This is misleading. Nitrates above 20 ppm do affect fish, some more than others, and the duration also factors in. But 20 ppm is as high as an aquarium should ever be for nitrates, and many fish--cichlids for example--will be affected at this level. Generally,nitrate over time weakens the fish, and this then leads to various other issues that the fish would otherwise be able to deal with but in its weakened state usually cannot.

    Are nitrates in the tap water? How often do you do a partial water change and how much of the tank volume? Are you cleaning into the substrate (other than where there are plants or hard scape)? Are you keeping the filter well rinsed? Organics accumulate in all these areas, the brown gunk, and these need to be kept minimal.

    Back to my earlier question, if the plants have been doing fairly well for six months, additional fertilizer may not be needed. If so, it will certainly feed this algae, terribly.

    BTW, forgot earlier, welcome to TFF. :hi:
     
  9. ccoria89

    ccoria89 New Member

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    My lights work with a timer.
    Light on at 9:30am and light off at 10:30pm every day.

    I have tested my tap water and it does not have nitrates at all.

    I do a partial water change once a week and I change 50% of the water.
    I always clean the substrate as much as I can and do a maintenance to my filter once a month with water from the aquarium.





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  10. Byron

    Byron Member

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    OK, down to some specifics. Reduce the tank light duration, this is clearly one major factor. My tank lighting is on for 8 hours daily (also a timer) as i worked back from the original 12 until BBA ceased to be a nuisance and this was where the light duration ended up. You can go down more if needed, with six hours usually the minimum suggested. But for now, I would reduce it at either end (or both) depending when you are normally home to view the tank; no benefit in having the tank in darkness when you are there each day to enjoy it.

    I would be aggressive and go right down to 8 hours. Plants and fish also need sufficient total darkness (meaning, no ambient room light, but complete black darkness) for several continuous hours each 24-hour period, so work around that too. In my fish room the tank lighting comes on at 9:30 am and goes off at 5:30 pm, which allows me to use daylight for the "dawn" and "dusk" periods. Light significantly impacts fish so the tank lighting should not be suddenly on or suddenly off, but with sufficient ambient room lighting before/after.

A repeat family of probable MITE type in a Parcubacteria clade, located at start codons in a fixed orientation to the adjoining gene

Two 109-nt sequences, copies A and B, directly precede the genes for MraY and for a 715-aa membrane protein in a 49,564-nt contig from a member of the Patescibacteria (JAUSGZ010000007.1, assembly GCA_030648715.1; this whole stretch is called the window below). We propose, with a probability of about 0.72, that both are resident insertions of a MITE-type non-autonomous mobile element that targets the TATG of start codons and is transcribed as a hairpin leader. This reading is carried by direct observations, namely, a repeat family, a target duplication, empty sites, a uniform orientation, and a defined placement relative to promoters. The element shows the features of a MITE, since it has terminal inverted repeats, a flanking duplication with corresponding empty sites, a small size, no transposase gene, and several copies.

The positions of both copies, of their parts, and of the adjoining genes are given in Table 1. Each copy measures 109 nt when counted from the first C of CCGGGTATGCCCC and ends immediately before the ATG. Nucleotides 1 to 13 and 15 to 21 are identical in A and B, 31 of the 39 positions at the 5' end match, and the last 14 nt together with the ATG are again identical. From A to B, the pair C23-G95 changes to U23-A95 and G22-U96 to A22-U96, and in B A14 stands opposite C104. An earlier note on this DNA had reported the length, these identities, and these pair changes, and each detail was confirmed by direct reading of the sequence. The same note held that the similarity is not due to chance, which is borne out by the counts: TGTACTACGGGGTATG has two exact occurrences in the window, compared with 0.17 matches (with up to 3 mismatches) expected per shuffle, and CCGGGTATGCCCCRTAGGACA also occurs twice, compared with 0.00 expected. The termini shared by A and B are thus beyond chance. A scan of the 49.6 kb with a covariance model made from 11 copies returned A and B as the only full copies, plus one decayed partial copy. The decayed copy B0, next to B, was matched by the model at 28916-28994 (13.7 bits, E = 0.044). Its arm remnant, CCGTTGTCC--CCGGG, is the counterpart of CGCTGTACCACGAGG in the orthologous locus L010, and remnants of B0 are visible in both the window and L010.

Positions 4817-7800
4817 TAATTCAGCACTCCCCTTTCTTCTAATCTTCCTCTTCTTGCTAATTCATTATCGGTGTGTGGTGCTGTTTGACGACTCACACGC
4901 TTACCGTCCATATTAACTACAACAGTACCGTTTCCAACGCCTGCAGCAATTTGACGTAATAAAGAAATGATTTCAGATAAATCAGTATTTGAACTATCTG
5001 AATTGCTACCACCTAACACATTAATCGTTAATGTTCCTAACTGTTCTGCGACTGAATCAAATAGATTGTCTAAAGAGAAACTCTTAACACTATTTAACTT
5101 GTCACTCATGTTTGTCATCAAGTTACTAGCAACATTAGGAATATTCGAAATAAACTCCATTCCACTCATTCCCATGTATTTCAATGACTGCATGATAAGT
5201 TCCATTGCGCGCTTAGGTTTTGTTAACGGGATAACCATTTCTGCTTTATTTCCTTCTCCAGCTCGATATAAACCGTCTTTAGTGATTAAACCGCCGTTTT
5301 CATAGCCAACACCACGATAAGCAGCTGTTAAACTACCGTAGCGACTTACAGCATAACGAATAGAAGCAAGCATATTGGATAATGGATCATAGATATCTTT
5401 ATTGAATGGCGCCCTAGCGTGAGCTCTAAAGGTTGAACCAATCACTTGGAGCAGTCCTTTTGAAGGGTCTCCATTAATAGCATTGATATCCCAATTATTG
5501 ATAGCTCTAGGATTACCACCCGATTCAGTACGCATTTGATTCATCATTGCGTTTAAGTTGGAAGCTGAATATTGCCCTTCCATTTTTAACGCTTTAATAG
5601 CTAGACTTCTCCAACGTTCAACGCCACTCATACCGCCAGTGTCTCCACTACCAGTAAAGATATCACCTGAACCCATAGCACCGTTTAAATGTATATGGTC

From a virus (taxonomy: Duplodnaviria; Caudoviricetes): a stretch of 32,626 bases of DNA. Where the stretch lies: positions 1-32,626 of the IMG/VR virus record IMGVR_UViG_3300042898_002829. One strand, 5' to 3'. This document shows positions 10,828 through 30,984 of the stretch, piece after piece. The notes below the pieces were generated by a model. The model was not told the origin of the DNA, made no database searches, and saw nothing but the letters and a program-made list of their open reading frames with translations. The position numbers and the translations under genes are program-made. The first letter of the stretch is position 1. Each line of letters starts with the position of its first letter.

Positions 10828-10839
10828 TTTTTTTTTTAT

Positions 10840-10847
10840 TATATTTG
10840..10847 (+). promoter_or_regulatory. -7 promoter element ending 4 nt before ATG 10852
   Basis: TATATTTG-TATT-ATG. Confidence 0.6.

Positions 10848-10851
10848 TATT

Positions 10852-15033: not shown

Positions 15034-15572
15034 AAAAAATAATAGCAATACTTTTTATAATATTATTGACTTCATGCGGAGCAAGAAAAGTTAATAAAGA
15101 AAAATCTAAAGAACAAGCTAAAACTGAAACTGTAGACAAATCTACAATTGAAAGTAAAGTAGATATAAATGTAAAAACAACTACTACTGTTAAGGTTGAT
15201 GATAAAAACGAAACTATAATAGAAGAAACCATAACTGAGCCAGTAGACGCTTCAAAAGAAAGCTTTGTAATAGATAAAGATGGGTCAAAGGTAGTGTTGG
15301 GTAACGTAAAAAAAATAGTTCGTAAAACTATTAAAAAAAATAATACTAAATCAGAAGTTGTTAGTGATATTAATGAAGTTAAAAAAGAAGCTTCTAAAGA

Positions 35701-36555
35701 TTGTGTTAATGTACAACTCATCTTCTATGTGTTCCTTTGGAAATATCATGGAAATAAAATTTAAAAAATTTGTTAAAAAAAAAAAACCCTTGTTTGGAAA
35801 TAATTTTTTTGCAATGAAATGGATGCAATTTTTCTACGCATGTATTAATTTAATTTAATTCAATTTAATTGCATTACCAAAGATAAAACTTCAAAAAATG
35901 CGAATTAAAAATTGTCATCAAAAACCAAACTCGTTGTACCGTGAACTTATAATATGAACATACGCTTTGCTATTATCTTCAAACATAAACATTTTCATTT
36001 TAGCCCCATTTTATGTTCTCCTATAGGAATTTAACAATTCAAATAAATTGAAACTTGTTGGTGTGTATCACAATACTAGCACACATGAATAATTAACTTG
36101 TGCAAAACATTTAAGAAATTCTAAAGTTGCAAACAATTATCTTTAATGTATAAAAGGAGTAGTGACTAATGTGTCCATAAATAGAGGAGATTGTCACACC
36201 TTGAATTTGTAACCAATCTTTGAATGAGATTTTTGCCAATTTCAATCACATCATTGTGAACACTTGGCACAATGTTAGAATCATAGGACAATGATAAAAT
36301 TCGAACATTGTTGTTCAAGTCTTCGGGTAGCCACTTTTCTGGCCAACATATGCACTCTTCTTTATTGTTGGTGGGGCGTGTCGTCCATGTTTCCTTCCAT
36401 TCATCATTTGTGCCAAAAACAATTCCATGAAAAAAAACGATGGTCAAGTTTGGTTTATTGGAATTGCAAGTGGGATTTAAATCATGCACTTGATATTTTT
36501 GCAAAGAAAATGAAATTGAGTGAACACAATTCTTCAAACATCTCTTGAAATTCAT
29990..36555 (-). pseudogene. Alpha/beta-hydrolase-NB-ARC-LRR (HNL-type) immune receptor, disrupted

To the nitrates. Dealing with high nitrate occurring within the tank is much easier than if you had these in the tap water. Increase the volume of the water change, I do 60-75% each week. Keep the filter well rinsed. Don't overfeed. I didn't ask about the fish load, but if it is in balance for the tank volume that should not be an issue.

    It will take a couple weeks, and what you are wanting to see is no increase in the BBA. What is there will remain, or you can pull some of it out, up to you, but we need to stop "feeding" it with excessive light and/or nutrients to get it under control. And not increasing is what you want to see to show this is achieved.

    You can clean the filter under the tap. I have been doing this for 30 years. Once the tank is established, this is of no consequence. Your plants are taking up most of the ammonia anyway, not bacteria, plus the greater colony of bacteria is in the substrate not the filter, and cleaning the substrate with the water change vacuuming is not going to dislodge it at all. Keep the filter well cleaned. All that brown gunk as I said is organics and that you want to get rid of as much as possible.

    Having white gravel for the substrate is ironically also working against you, as this reflect light so the light down there is even more, feeding the algae.
     
  11. ccoria89

    ccoria89 New Member

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    Well, this is my tank after a water change.
    I have set up the timer to turn on the lights at 3:30pm and to turn off the lights at 11:30pm as I’m at home during the evening and I would like to enjoy my tank. Is that a right move?

    IMG_1664.JPG


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  12. Colin_T

    Colin_T Member

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    Cyanobacter smells musty and mouldy and lifts off in pieces or sheets. It can get bubbles under it too.
    Black beard algae doesn't smell musty or mouldy.

    You need a picture on the back of your tank to make the fish feel more secure. You can get aquarium backings from pet shops or use coloured card or even a plastic bin liner. Just sticky tape them to the outside on the back of the tank.
     
  13. Ingrid

    Ingrid Fish Fanatic

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    Having the light on too long can also help algae
     
  14. Byron

    Byron Member

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    Much better. Just make sure there is ambient room light when the tank light goes off at 11:30 pm for about an hour before total darkness. This avoids shocking the fish with sudden darkness. And fish will get used to the schedule, which is why a timer is so important for fish.

    I agree with Colin to get a background. As you have colourful fish and plants, a plain black background is best. Non-glossy black construction paper taped to the outside of the back wall works very well, I have this on all my tanks.
     
  15. ccoria89

    ccoria89 New Member

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    Just an update after a week.
    This is my tank after a water change.[​IMG][​IMG][​IMG]

    I see new BBA growing on my plants and substrate.
    Is there anything else I can do?
    Or just keeping the maintenance and hoping this thing die anytime soon?

    Nitrates are kept on 20ppm

    And thank you so much for your help one more time.